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Eje: For Blood & Country

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I, painfully like many other Nigerians, have to watch on as ideologies continue to shackle our minds, our economy, and our people. Religion has become bondage rather than a stimulant for better lives and living standards.

We have so many prophets and pastors in Africa but so little drive for us to grow into vibrant communities that live healthy lives. So I wrote this collection. I hope you love them and encourage your friends to buy this book too.

Description

Warning: This book is rated 18+ and not suited for young children. Kindly censor it as much as needed.

I started work on this collection of stories before 2018 but I had published it at the time and gotten quite a cool number of readers. However, I wanted it to be more so I put in more time, more love, more thought, and more spice.

I wrote this book introduction/blurb in 2018 so read it like you are in that year with me.

It’s been a year since I arrived in South Africa. The first thing I noticed was that the black worshipers earnestly seek religion. The whites/Afrikaners who attend church seem quite detached, not necessarily fervent. Like Trevor Noah describes in “Born a Crime,” the Black Church is a totally different experience from the White Church in South Africa. This is similar to how Nigerians are divided along denominational lines and practices. The first church I attended in South Africa, had me arrive at the door as the final prayer was said. The Pastor asked me if I was a Christian and if I was baptized in the Holy Spirit.

I am already used to getting these questions in every church gathering. So, I told him I am a Christian. I have my personal convictions but I don’t necessarily think I should go about telling people if I speak in tongues. I believe the tongues should just come up when it is needed to serve some purpose. Maybe the gifts help someone when they are needed, or else there’s no point in me reeling off my curriculum vitae about all the tongues I have mastered.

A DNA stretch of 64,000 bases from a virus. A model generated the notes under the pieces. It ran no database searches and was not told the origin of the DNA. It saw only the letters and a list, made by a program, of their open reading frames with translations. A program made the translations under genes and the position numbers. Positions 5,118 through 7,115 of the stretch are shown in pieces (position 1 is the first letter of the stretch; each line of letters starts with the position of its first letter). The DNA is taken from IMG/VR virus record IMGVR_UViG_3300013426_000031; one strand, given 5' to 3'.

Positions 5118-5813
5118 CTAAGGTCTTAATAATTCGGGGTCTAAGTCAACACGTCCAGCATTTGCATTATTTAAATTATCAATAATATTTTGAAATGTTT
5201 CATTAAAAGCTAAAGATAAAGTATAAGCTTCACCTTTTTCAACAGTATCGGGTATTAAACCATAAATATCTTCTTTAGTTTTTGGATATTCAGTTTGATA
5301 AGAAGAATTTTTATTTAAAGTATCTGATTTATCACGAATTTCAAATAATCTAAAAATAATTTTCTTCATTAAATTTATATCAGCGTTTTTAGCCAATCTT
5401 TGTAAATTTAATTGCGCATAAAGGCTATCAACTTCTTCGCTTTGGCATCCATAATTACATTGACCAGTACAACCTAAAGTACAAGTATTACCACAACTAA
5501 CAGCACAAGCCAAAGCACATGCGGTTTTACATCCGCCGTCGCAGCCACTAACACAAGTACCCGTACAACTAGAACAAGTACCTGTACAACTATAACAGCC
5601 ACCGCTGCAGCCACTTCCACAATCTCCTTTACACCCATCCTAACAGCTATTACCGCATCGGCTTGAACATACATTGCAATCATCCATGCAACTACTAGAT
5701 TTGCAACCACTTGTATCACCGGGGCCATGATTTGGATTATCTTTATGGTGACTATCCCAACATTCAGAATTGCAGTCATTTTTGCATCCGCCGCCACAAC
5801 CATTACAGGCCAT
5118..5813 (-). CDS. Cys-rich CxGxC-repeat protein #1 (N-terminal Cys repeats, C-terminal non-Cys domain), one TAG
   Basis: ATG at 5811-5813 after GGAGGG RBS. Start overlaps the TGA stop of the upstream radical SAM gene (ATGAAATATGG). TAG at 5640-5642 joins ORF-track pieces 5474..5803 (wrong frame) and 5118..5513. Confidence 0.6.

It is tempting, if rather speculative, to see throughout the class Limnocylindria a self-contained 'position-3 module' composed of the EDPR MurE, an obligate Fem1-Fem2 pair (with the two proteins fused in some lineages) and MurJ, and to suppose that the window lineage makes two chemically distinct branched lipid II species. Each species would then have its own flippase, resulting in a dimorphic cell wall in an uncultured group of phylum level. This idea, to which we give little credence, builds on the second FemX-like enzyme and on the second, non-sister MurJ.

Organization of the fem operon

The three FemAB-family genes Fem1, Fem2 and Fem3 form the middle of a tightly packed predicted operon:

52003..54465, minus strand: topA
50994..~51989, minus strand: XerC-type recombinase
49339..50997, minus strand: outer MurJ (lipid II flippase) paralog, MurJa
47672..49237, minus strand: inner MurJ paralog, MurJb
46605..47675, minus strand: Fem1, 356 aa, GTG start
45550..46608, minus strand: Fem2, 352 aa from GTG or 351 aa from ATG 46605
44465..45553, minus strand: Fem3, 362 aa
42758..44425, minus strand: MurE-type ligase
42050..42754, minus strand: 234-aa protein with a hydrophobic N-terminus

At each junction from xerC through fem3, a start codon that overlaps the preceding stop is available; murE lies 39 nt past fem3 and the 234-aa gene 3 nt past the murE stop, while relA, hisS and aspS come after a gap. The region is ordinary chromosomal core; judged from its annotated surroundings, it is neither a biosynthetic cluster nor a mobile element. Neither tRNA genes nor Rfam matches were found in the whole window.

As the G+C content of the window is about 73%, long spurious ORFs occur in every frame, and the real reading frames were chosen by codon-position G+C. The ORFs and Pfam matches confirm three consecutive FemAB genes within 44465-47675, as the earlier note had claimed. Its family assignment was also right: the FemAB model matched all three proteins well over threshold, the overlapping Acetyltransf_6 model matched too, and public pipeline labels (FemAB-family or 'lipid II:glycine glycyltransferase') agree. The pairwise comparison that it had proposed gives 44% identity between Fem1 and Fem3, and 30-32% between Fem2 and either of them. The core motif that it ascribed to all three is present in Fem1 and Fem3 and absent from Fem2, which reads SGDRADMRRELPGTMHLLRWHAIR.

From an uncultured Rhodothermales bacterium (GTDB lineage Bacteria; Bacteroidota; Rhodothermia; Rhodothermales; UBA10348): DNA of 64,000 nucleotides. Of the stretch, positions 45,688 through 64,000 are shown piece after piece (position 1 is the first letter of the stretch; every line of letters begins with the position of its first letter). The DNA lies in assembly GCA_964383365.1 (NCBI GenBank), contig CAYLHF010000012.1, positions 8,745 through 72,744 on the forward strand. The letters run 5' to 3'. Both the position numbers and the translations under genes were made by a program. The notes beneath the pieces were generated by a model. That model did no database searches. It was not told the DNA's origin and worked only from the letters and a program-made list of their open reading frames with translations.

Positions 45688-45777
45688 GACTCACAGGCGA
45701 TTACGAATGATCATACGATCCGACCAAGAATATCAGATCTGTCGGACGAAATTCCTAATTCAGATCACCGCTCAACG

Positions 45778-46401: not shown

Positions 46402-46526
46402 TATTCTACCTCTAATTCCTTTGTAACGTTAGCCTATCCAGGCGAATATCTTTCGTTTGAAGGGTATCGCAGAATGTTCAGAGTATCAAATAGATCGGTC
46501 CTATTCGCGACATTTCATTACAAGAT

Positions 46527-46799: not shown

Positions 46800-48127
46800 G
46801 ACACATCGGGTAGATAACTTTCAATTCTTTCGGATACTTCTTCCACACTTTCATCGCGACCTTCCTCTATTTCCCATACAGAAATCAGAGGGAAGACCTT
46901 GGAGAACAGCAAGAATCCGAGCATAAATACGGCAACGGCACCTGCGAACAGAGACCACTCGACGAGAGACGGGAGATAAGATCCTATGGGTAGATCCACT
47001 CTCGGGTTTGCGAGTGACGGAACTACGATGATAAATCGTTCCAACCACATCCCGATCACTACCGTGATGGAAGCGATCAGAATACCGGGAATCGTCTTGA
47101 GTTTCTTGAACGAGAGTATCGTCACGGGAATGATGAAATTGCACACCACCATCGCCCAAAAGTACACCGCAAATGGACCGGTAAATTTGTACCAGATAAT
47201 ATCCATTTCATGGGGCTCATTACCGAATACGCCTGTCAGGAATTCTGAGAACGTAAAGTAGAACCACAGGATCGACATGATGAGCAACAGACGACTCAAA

One of my friends, Akan Imoh, is running for a political post in Lagos State. He is young and he is a Christian, most people don’t think faith-based qualities should be found in Nigerian politics or even African politics. I think faith wouldn’t survive without politics.

I, painfully like many other Nigerians, have to watch on as ideologies continue to shackle our minds, our economy, and our people. Religion has become bondage rather than a stimulant for better lives and living standards.

We have so many prophets and pastors in Africa but so little drive for us to grow into vibrant communities that live healthy lives. So I wrote this collection. I hope you love them and encourage your friends to buy this book too. Please don’t transfer this book. Direct your friends to jonathanoladeji.com so they can buy their copies. It’s the least you could do to reward what this book represents for me and all of those who should read it. Some of these stories have been published in international journals like “The Naked Convos.”

My writing has come with awards and literary commendations like winning the Biopage Writing Contest in August 2018. What would be more fulfilling is if you could share your review of this collection with your friends and on my website. Please do me this honour. Thanks for reading.

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